Perfecting Your Niche

May 4 2016

by Angie Avard Turner

angie turner_sonya jahn lillyjo photography
photo: Sonya Jahn, LillyJo Photography, for The Southern C Summit 2016

We’ve all heard the phrase, “find your niche.” As a young child, my parents would say it to me all the time. At an early age, I began to realize that I thought differently than others.  I was creative—an idea person.  Nothing really intimidates me—for long.  No idea is too big.  That can be good and that can be bad.  By the time I entered high school I had my sights set on law school.  When I got there, I LOVED learning about the law.  What I didn’t realized is I still had this creative thing in the back of my mind that was itching to get out!  So I started a creative wholesale business.  Much to my surprise and most definitely by the grace of God, it was a great success, but it began to tax my ever growing family.  So I went back to what I knew—the law.  Still, there was a side of me that wanted to continue working with the creative sorts that I had so closely identified with over the past decade.   So I went back to some really great advice….I went searching for my niche.  And guess what?  It didn’t take me very long to find it.  Now I practice law and work in the creative arts industries advising and counseling those who own creative businesses.

So what is a niche?  The word niche comes from the French verb meaning “to nest.” It is defined as “a place, employment, activity for which a person is best fitted.” A business niche, then, is a commercial means of livelihood involving work that you are completely suited for, that you feel “at home” doing. Finding the right niche allows you to “live your real life” doing work you love.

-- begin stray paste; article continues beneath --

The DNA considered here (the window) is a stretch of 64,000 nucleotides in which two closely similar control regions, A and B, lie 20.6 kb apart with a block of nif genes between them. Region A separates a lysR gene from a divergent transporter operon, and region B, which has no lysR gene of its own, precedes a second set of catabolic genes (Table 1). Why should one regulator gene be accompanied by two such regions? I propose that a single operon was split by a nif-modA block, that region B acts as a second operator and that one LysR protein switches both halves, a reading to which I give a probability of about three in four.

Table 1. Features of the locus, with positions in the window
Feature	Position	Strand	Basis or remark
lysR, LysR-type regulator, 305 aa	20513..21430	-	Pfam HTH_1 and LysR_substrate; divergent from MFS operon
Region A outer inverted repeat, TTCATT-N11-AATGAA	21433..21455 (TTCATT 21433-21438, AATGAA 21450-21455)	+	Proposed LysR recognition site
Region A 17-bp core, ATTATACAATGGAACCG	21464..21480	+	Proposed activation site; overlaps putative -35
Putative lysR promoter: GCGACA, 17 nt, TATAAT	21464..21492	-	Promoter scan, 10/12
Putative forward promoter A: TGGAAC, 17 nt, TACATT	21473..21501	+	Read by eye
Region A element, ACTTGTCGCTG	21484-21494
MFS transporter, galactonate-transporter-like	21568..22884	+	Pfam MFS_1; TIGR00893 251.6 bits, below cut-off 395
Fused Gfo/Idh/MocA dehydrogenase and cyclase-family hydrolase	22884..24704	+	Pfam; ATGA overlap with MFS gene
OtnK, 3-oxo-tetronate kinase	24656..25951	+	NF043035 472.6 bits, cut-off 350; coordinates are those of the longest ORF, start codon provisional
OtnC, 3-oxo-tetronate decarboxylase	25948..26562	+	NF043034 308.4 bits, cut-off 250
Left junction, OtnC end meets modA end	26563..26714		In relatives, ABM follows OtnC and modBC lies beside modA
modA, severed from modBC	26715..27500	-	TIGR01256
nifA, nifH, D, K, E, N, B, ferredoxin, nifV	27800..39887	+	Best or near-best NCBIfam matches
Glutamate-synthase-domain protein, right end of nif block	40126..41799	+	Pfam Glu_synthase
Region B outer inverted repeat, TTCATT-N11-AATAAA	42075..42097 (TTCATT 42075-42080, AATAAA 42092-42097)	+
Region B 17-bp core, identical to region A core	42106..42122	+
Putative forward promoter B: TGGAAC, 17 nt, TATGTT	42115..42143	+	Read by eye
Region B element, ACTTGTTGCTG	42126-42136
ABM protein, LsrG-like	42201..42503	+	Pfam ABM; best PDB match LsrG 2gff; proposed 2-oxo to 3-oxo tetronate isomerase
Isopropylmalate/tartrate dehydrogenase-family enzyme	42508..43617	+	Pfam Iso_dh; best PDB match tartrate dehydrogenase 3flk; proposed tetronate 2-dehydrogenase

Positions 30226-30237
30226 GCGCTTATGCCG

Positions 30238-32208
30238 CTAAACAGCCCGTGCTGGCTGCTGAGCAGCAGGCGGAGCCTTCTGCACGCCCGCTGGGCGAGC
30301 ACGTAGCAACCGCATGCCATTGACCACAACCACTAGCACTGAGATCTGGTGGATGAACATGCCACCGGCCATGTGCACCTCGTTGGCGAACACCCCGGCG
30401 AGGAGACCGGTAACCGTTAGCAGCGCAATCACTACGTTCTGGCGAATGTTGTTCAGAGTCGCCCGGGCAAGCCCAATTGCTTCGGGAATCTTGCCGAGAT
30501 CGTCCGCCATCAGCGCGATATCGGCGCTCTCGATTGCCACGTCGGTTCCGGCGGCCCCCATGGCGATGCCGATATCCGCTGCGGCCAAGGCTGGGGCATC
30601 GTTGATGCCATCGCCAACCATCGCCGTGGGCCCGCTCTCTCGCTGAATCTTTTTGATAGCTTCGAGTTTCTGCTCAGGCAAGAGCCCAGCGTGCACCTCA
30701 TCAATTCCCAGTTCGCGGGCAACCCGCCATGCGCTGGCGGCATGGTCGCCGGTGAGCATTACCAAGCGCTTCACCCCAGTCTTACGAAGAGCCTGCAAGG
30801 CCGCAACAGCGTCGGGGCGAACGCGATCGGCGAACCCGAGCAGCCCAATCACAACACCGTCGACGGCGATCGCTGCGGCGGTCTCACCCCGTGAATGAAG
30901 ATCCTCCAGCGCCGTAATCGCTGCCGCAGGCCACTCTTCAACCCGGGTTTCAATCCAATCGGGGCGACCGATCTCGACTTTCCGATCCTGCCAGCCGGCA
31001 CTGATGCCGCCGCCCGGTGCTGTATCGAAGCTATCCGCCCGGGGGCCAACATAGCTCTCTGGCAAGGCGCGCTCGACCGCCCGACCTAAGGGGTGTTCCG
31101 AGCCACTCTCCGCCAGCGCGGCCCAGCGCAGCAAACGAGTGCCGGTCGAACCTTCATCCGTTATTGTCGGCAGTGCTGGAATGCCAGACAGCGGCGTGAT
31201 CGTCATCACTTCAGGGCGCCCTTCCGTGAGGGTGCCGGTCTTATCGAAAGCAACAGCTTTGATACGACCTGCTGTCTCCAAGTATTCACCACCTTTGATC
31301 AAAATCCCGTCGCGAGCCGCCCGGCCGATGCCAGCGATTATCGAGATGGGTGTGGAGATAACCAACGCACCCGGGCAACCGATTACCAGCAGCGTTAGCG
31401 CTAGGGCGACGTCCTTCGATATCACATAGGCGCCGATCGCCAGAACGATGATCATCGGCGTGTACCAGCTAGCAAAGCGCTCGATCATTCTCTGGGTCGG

Despite our working definition, many business owners choose not to find a niche.  Why is that, you may ask.  Firstly, creating niche requires you to narrow your business focus.  This is hard for many—to focus, that is.  Business owners don’t want to turn away business.  Niching requires simplification.  Second, some business owners feel like niching is boring, as they don’t want to do the “same thing every day, all day.”

Although it is counterintuitive, here’s are four reasons why niching works.  Niching forces you to be clear about your business purpose.  Next, it creates a focus that immediately communicates to prospective customers what you stand for.  Thirdly, you are quickly able to pinpoint and target your clientele.  Last, you will be able to convey your uniqueness to your prospective customers that sticks in their minds. As you move forward with your business, periodically, check yourself to make sure you are staying true to your niche.  This will make your life and the life of your customers even better!  If you attended the Summit, did you notice how the presenters are filling a niche? Most, if not all, have a found a lane, set the cruise, and are moving forward. In particular, Hoffman Media did a great job in their session discussing this.

I enjoyed seeing many of you there!

DISCLAIMER::::The materials available in this article are for informational purposes only and not for the purpose of providing legal advice. You should contact your attorney to obtain advice with respect to any particular issue or problem. Use of and access to this Web site or any of the e-mail links contained within the site do not create an attorney-client relationship between Angie Avard Turner Law and the user or browser.

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Angie Avard Turner View More Blog Posts from this Author

Angie Avard Turner is an attorney who exclusively represents clients in the creative arts industries including retailers, wholesalers, artists, photographers, event planners, bloggers, and other creative service providers.  She is licensed to practice law in the state of Georgia, but she is able to handle copyright and trademark issues nationally.  For more information regarding her practice, visit www.angieavardturnerlaw.com­­­. Angie is also the owner and creative director behind Hype Strype, a fine stationery company that caters to those who love bright colors and patterns. 

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